The Naval Service, which was formed in 1946, is the maritime component and one of the three branches of the Irish defence forces. Its base is in Haulbowline, County Cork. Since the 1970s a major role of the Naval Service has been the provision of fisheries protection in Ireland’s exclusive economic zone, sea patrol surveillance and smuggling prevention. Occasionally the Service undertakes longer missions in support of other elements of the defence forces, Irish peacekeepers serving with the United Nations, or humanitarian and trade missions, writes Gerry Breen.
1970s, the Irish Naval Service became involved in an operation to foil the importation of arms by the provisional IRA from Libya. In March, 1973, the M.V. Claudia sailed from Cyprus to Tunis, picking up arms on the Libyan coast before setting a course for Ireland.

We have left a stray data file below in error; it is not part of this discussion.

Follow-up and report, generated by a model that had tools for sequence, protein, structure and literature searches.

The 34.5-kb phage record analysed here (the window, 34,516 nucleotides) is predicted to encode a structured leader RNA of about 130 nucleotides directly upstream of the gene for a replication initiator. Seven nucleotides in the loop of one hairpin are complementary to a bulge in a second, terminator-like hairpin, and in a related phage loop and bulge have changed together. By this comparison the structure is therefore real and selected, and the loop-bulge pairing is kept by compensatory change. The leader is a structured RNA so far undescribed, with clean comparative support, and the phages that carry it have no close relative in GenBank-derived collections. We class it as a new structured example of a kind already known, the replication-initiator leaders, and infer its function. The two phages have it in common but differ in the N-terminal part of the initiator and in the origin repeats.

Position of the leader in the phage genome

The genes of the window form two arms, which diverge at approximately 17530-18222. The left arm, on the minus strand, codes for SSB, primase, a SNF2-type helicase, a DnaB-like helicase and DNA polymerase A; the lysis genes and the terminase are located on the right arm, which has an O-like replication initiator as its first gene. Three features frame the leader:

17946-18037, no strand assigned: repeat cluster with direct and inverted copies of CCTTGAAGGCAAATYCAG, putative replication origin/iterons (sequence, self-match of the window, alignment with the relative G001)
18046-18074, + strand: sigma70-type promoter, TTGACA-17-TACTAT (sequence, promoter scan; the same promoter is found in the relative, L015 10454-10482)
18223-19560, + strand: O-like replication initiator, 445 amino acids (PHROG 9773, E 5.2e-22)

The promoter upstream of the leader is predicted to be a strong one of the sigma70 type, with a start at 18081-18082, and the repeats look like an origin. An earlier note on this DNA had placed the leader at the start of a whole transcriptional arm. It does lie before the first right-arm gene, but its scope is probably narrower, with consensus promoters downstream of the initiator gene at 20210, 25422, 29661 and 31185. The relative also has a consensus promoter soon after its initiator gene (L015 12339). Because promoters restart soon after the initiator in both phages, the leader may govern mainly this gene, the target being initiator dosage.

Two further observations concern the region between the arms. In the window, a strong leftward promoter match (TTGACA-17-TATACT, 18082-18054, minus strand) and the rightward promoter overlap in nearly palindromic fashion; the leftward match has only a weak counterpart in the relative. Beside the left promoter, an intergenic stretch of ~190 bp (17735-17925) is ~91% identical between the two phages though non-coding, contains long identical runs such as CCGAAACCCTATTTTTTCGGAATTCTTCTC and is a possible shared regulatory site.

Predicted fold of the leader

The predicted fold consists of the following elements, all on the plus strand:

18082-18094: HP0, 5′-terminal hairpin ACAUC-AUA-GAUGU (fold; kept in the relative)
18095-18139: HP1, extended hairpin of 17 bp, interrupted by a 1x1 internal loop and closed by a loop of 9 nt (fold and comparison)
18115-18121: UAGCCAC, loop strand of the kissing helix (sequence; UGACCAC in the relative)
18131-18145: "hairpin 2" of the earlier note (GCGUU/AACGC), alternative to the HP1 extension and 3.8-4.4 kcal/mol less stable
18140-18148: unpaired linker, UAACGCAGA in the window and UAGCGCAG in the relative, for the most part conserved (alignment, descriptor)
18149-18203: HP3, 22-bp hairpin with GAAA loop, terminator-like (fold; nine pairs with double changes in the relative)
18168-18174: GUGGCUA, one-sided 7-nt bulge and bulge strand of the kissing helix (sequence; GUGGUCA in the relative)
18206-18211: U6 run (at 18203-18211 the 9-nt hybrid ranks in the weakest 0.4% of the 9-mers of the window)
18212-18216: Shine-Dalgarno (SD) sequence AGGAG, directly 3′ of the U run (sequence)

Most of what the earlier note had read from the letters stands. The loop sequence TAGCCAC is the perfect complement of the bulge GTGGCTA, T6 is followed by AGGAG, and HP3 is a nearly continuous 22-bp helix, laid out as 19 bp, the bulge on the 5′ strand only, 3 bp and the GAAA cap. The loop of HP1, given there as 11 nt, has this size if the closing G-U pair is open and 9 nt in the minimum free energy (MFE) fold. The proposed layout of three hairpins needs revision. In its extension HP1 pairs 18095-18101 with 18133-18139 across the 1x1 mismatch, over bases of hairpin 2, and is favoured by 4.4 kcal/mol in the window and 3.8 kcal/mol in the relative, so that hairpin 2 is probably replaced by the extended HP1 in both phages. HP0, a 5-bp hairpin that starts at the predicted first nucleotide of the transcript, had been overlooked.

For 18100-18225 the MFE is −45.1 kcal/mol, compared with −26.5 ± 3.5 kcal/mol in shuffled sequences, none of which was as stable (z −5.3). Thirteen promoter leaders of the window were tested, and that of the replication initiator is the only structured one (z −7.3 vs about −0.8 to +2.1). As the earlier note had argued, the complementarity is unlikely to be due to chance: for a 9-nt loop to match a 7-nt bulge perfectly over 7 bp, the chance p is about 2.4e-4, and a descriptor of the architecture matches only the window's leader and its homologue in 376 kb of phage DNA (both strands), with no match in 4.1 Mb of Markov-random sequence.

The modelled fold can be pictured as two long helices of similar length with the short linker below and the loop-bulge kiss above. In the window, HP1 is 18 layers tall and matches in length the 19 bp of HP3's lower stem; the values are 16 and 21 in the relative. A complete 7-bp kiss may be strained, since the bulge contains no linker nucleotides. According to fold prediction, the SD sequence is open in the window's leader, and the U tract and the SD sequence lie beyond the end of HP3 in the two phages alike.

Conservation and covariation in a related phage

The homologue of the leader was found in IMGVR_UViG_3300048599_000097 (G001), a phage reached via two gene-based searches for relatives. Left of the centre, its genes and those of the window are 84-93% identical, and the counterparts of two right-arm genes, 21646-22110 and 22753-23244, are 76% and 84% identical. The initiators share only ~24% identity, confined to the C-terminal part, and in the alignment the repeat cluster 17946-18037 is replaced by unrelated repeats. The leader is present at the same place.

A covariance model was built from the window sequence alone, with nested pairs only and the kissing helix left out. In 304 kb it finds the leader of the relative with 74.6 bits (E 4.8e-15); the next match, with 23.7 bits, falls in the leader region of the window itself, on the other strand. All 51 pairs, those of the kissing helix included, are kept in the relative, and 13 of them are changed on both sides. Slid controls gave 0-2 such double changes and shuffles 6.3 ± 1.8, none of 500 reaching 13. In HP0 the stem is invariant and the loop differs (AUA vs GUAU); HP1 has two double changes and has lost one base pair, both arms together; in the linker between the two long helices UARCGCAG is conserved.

The plan was to transfer the arms to a fishing vessel near Helvick Point. However, when the Claudia arrived to her rendezvous, she was confronted by the LÉ Fola, LÉ Deirdre and LÉ Grainne. The Claudia surrendered and the fishing boat was captured after attempting to flee. More than five tons of arms and explosives were captured.
The success of this operation and the subsequent favourable publicity helped to raise the profile of the service in the international arena.
When the Aer Lingus Flight 712, the St. Phelim, crashed in the sea near Tuskar Rock on 28th March, 1968, with the loss of all sixty-one people on board, a massive search operation was put in place to recover wreckage from the area.
The RAF and Air Corps, was well as lifeboats from Arklow, Rosslare and Kilmore along with local fishing boats assisted in the search. The Irish Naval Service continued the operation until October, and fifty-six per cent of the wreck was recovered.